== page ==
It was not merely that he had a faint sense that proffering a perfectly true and perfectly innocent explanation would somehow betray some of the deepest traditions of his heritage. It was not even that he had absorbed a substantial dose of his mother’s philosophy that whilst jealousy was a deeply destructive emotion, well-defined areas of doubt and uncertainty were what made human relationships worth getting up in the mornings for. Perhaps the real reason was that his imagination simply could not conceive a halfway gallant way of embarking on an explanation, which essentially consisted of:
“No, honestly. Appearances to the contrary notwithstanding, I’m really much more interested in your wife’s necklace than in her cleavage.”
Instead, he took refuge in a technique his mother had frequently commended to him but he had rarely had the patience to practise: he smiled sweetly and said absolutely nothing.
With a gentle, amused purr in her voice the Professora said, “Miles, dear, Ekaterin’s friend from Earth has been putting forward some very interesting views about the provenance of her necklace. It seems you may have a more valuable jewel in the family than perhaps you thought.”
“Really.” The Lord Auditor seemed to be conducting this conversation through gritted teeth. Draco assumed a relaxed posture, and kept his eyes fixed firmly on Ekaterin’s husband’s face: his younger self might have gone in for unsubtle when it came to insult but he had learnt - more sophisticated - approaches as he got older.
Shortarse is one of those words that would definitely be - uncool.
And he’s presumably heard all the variants, anyway.
“Miles, I can see Lady Alys signalling me. Do excuse me.”
Ekaterin sidled uncomfortably away across the room. The Professora looked hesitantly after her. Miles fixed a poignard-sharp social smile on his face, and continued:
“I don’t recollect hearing your name before. How did you come to meet Ekaterin, exactly?”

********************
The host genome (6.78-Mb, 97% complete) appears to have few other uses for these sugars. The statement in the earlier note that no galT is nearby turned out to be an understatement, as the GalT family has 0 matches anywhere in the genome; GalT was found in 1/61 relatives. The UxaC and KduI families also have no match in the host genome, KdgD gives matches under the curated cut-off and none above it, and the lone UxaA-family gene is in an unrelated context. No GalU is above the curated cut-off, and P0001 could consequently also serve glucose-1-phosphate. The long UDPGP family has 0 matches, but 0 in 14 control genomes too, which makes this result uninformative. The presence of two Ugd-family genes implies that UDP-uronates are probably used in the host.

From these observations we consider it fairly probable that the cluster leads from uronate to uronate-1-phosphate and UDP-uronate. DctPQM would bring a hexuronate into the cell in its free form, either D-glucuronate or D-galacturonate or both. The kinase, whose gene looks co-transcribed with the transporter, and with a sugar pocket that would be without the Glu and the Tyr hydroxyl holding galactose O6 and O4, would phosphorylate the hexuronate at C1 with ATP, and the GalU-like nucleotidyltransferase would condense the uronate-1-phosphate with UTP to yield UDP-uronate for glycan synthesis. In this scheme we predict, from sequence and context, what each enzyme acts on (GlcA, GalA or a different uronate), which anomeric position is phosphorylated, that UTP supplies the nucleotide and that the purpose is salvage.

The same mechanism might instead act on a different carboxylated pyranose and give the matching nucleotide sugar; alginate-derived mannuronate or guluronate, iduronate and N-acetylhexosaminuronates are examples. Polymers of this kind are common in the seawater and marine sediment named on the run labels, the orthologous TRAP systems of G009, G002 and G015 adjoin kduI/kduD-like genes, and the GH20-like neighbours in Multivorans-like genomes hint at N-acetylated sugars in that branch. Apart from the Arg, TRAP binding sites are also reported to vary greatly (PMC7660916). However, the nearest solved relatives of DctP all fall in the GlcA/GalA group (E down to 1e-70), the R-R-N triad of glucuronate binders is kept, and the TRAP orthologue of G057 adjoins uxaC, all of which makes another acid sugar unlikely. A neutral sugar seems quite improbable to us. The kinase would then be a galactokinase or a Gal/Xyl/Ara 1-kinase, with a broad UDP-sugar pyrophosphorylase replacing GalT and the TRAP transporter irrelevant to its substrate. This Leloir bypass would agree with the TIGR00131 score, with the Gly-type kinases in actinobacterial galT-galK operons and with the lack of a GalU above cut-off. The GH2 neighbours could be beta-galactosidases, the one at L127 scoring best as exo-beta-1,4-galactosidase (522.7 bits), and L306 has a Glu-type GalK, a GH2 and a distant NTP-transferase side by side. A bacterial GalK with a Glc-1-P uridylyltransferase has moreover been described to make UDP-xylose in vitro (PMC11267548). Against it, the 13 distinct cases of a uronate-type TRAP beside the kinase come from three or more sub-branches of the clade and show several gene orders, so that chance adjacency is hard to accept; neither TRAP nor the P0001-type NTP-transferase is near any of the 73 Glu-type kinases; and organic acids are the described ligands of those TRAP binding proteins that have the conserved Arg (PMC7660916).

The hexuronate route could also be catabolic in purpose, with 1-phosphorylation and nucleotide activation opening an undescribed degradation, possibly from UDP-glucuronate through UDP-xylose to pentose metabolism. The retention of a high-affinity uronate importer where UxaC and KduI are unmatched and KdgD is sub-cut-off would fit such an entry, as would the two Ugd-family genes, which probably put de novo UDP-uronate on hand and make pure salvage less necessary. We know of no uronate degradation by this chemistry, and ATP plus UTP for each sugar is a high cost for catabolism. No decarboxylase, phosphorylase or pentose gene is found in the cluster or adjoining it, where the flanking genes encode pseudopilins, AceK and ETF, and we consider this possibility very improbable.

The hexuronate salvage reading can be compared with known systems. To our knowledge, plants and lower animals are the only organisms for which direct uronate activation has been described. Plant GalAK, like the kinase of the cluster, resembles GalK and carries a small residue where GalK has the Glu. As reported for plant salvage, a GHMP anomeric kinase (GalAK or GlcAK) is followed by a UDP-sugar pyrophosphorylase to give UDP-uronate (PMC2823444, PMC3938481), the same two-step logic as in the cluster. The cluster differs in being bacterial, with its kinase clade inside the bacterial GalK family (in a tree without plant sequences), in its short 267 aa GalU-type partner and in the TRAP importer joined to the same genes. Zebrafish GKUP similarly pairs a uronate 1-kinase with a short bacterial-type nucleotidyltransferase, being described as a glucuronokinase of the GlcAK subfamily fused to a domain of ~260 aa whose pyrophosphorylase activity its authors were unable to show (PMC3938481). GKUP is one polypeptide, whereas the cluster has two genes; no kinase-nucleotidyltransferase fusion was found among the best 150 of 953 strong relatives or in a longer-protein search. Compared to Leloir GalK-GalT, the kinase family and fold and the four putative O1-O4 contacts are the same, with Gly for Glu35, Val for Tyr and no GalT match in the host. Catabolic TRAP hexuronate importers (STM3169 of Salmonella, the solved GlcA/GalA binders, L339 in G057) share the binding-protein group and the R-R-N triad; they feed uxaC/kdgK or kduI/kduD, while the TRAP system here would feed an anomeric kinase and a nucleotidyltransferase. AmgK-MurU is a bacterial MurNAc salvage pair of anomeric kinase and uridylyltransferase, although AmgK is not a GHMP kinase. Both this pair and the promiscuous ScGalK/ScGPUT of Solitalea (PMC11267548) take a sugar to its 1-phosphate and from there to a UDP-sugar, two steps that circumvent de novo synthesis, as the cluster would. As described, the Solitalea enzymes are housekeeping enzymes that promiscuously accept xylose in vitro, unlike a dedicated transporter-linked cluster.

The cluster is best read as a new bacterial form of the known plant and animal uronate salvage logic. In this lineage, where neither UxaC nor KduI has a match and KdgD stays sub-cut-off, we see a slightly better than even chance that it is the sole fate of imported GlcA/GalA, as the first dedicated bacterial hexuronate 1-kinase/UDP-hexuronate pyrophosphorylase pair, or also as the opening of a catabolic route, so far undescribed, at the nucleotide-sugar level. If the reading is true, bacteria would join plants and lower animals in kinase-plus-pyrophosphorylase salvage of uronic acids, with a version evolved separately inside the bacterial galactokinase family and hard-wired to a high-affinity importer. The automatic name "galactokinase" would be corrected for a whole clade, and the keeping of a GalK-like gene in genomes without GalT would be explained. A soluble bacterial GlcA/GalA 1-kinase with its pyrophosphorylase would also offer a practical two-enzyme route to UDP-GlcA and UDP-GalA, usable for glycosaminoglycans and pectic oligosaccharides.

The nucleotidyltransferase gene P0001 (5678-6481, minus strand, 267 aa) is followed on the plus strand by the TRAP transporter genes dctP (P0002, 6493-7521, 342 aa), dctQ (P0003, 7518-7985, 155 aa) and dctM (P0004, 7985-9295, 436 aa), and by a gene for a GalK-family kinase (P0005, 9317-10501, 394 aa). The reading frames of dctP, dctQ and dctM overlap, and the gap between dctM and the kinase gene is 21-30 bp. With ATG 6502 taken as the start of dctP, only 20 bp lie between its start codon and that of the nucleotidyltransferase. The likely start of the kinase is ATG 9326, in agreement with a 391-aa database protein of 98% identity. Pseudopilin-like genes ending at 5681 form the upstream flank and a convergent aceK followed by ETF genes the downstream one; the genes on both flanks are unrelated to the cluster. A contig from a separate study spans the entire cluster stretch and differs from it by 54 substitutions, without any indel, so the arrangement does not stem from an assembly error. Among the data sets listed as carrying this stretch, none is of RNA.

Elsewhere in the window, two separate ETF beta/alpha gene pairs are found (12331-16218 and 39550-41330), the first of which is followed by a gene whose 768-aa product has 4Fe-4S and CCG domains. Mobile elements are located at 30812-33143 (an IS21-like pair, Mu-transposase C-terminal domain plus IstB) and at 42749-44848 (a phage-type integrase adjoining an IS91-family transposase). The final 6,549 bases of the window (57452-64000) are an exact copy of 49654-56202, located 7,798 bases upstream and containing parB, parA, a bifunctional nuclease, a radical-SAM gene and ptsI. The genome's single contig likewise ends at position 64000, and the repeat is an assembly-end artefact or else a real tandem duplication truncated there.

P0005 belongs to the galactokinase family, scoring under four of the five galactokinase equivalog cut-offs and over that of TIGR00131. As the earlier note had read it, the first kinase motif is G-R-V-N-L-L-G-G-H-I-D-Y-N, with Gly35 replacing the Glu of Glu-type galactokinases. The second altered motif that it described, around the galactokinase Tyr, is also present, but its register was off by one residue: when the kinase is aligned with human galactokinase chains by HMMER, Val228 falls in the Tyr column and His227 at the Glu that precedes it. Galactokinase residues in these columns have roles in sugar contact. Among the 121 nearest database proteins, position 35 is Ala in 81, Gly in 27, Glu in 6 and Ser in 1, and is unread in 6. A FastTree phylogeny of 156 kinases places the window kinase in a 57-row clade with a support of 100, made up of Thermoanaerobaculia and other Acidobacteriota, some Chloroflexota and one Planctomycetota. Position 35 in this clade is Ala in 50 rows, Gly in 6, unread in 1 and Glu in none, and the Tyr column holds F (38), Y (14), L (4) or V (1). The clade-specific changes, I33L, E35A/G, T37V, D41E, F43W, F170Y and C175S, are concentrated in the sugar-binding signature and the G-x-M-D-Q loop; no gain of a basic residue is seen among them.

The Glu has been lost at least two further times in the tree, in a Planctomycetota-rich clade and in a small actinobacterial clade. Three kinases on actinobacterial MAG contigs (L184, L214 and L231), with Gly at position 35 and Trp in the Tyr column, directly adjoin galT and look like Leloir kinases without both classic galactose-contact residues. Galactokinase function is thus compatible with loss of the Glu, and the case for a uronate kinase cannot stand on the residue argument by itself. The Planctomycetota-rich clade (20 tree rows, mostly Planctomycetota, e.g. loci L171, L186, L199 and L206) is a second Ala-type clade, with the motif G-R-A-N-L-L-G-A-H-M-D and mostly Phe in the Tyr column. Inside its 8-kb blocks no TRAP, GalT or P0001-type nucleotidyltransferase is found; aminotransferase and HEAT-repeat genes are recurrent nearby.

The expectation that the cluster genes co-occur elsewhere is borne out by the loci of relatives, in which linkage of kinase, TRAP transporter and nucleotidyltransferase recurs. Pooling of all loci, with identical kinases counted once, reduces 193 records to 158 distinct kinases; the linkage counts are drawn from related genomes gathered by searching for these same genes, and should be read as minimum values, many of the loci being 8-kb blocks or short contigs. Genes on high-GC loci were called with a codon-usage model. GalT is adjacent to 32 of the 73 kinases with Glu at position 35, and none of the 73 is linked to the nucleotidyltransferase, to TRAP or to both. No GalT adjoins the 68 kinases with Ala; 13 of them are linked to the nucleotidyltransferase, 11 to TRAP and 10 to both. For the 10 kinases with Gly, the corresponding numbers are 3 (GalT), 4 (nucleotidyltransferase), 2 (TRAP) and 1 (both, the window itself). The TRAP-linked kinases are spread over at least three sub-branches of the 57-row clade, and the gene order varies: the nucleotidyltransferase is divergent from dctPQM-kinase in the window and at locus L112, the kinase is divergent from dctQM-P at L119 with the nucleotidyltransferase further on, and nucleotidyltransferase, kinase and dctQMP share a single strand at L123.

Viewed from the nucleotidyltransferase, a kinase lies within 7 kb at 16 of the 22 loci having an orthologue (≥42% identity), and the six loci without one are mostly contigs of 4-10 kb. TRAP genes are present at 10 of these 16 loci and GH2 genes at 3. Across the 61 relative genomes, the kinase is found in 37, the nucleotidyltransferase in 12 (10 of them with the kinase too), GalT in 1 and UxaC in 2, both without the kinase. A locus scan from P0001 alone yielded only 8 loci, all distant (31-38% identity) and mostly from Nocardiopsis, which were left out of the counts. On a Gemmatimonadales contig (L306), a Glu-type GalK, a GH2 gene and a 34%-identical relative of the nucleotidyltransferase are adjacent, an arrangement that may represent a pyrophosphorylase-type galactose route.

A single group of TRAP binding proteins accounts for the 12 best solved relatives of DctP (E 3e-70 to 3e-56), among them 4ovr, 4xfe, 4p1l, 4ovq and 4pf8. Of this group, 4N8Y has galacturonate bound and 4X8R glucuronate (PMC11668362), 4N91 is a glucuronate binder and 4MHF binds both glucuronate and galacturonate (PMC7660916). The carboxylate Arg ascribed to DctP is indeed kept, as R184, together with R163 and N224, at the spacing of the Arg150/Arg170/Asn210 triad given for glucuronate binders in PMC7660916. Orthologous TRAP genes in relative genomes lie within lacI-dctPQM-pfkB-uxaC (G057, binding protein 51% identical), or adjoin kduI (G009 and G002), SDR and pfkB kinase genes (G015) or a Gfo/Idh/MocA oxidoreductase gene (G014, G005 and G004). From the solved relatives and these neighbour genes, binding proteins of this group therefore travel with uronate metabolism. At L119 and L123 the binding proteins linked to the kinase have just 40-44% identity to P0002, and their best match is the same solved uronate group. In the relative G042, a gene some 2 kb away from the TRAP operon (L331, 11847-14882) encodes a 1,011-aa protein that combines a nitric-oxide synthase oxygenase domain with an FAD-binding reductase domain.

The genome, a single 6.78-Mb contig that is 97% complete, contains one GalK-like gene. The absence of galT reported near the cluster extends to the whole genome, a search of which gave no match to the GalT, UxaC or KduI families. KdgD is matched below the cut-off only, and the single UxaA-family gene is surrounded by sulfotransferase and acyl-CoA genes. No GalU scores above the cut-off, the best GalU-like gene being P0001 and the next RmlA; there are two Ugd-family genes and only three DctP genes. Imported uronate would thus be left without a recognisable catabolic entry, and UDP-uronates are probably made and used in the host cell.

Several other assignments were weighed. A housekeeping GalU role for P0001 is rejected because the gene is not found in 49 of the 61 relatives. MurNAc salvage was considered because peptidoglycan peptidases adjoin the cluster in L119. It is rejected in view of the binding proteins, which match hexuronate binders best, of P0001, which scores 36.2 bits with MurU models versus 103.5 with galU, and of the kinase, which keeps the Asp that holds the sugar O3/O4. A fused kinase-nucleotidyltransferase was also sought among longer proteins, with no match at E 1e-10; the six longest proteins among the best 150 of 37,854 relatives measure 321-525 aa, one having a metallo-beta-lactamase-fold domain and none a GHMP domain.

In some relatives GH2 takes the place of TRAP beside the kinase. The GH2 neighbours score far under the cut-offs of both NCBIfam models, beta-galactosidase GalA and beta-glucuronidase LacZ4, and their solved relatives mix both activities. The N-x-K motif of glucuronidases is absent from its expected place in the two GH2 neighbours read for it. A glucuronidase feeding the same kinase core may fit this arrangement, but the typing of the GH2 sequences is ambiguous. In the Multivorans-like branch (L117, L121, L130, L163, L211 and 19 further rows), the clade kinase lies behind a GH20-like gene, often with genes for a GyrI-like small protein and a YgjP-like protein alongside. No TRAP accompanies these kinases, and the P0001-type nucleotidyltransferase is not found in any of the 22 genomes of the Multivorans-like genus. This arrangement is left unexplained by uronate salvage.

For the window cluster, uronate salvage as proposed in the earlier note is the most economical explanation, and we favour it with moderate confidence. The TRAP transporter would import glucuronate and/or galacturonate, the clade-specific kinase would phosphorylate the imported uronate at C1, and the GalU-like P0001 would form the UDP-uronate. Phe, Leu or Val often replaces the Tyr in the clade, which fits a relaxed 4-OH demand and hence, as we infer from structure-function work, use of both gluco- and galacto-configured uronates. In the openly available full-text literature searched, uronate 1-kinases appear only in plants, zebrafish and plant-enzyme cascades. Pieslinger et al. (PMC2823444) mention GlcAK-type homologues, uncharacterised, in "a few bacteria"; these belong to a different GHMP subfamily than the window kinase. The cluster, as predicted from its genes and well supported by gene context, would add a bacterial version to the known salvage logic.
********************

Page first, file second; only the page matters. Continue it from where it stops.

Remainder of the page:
Well, I could tell you the details. I suppose, in one sense, you’re even - entitled - to know.
He paused, irresolutely. In that instant, the curly-haired brunette drifted into their small group.
“Oh, dear,” she said, “did I see Ekaterin rushing off in a state again?”
Draco caught the Professora giving her a look which (before social duty evidently interposed its inflexible mask on the older woman’s expression) chilled his blood. He had not thought a gentle, middle-aged academic capable of such bare-bladed fury.
He made his voice infinitely bland. “Not at all. I gather Lady Alys needed her help. Since you ask - ah - Miles - I met Ekaterin when she was being rather impressive. And saving the lives of an awful lot of people in the process.”
Miles, oddly, looked suddenly more angry than before.
“That incident on the Komarran jump-station,” he hissed, “is supposed to be one of the most classified of Imperial secrets.”
Draco put his head on one side.
“In that case,” he pointed out reasonably, “why are you telling a stranger you met five minutes ago all about it?”
The Lord Auditor appeared on the point of choking.
Fortunately, at this moment, Pym announced supper, and the party made their way into the dining room proper. Still more to Draco’s relief, while having an Emperor at the head of the table might present its daunting social pitfalls, it certainly kept the lid on guerrilla conversational tactics. He had Cordelia on his left, a reassuring buffer between him and the Emperor, protecting him (he thought) from awkward questions about Earth by a sequence of judicious conversational nudges in other directions. Elli, on his right, rather pointedly ignored him and addressed her few staccato remarks to the vague-looking, grey haired man on her right. Neither the table arrangements nor the meal bore the slightest trace of having been hastily re-arranged to fit an extra guest. Pym and a young woman servitor circled the table with calm efficiency. Candle flames flickered from low silver candelabra set amid the massed blooms of the elaborate floral decorations on the table. It was all intensely civilized, and impeccably well-bred.
Which made it all the more shocking when, two bites into the fish course, the French windows burst inwards in a blizzard of glass shards and the ImpSec man from the guard-post, his face a bloodied mess, sprawled heavily into the room.
“Sire,” he gasped, trying to rise, “It’s an attack! They’re -“
There was a flash like green lightning from outside the house. The ImpSec guard fell forward onto his face. He did not rise again.